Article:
There is some indication that coconut oil and shells were carried across the overland route to Europe by Arab traders as early as the 1 st century AD, and that these items eventually reached as far north as England. There was, however, apparently no trade in either the whole coconuts or the dried meat. This trade in the shells, at least, is fairly well substantiated, although somewhat later in the historical record, by the presence throughout Europe from Spain to Scotland of various antique coconut shell cups. Cups were either made of coconut shell with ornate ‘feet’, inner linings or decorations of various metals or were made of precious metals in the shape of coconuts. The cups were found in cathedrals and castles.
Often used as religious items, the coconut cups were among the possessions of popes, cardinals, archbishops and bishops dating back to at least 1200 AD. One example of such a cup was named in the final bequest of a Bishop of Durham in 1259 as “for my niece Isabella, a cup of nut Indy”.
Over the next six centuries coconut cups would become common among Royalty and noblemen throughout Europe and many can be found today in auctions and antique dealers. In an extraordinary auction at Christies of London in 2002, titled ‘Mutiny on the Bounty’ a coconut cup once belonging to William Bligh was auctioned. The infamous Lieutenant William Bligh, on an earlier unsuccessful voyage to collect breadfruit from Tahiti, during which they had purchased coconuts for the journey, inscribed a coconut cup with the words ‘The Cup I eat my miserable allowance of’. This cup was sold at auction at Christies of London on September 26, 2002 for one hundred eleven thousand eight hundred and fifty two dollars US ($111,852).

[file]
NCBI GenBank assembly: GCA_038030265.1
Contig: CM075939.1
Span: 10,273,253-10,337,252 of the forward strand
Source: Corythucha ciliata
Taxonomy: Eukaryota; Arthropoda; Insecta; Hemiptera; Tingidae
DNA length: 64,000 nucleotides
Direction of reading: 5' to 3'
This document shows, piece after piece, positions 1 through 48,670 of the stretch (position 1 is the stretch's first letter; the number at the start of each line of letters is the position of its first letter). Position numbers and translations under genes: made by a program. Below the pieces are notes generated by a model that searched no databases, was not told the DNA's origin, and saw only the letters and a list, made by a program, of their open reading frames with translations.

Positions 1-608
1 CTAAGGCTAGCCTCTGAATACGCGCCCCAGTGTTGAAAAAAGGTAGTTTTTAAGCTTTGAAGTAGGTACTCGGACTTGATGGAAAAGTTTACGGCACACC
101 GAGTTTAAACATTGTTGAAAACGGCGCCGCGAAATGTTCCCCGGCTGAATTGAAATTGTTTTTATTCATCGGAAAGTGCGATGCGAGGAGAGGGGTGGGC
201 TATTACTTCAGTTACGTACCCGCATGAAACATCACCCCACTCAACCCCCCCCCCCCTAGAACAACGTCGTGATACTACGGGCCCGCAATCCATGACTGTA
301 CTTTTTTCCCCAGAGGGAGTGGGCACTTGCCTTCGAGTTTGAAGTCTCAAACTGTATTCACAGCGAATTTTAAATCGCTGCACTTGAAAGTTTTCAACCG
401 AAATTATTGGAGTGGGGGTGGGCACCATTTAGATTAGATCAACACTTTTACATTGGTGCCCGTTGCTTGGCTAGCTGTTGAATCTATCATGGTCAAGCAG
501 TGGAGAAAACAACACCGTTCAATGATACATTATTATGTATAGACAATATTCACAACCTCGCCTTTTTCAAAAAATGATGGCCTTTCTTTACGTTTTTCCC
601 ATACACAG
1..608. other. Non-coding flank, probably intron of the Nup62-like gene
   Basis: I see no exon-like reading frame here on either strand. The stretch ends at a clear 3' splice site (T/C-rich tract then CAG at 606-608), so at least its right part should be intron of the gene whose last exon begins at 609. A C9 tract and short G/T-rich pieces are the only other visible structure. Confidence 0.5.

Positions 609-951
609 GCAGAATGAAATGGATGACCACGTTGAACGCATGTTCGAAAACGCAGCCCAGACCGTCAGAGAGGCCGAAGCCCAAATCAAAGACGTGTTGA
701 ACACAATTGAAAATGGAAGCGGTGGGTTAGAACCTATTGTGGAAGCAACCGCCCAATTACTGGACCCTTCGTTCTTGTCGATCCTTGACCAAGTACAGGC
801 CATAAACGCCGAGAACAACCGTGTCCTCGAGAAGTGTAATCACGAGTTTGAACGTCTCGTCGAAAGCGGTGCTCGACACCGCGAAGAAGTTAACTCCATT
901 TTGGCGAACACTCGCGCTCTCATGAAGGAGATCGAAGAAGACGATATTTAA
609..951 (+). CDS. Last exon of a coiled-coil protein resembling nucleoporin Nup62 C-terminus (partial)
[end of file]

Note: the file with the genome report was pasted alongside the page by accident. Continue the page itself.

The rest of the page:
In a richly detailed account of his travels, the journals of Ibn Battuta of Tangier from 1325 to 1354 throughout Asia and Africa recount the prolific cultivation and use of coconuts. In his description of Dhofar in the south of Oman, he includes the following passage:
The many uses of the coconut
One of its peculiarities is that oil, milk and honey are extracted from it. The honey is made in this fashion. They cut a stalk on which the fruit grows, leaving two fingers’ length, and on this they tie a small bowl, into which the sap drips. If this has been done in the morning, a servant climbs up again in the evening with two bowls, one filled with water.
He pours into the other the sap that has collected, then washes the stalk, cuts off a small piece, and ties on another bowl. The same thing is repeated next morning until a good deal of the sap has been collected, when it is cooked until it thickens. It then makes an excellent honey, and the merchants of India, Yemen, and China buy it and take it to their own countries, where they manufacture sweetmeats from it. The milk is made by steeping the contents of the nut in water, which takes on the colour and taste of milk and is used along with food. To make the oil, the ripe nuts are peeled and the contents dried in the sun, then cooked in cauldrons and the oil extracted. They use it for lighting and dip bread in it, and the women put it on their hair.
Originally posted 2020-05-19 15:57:29.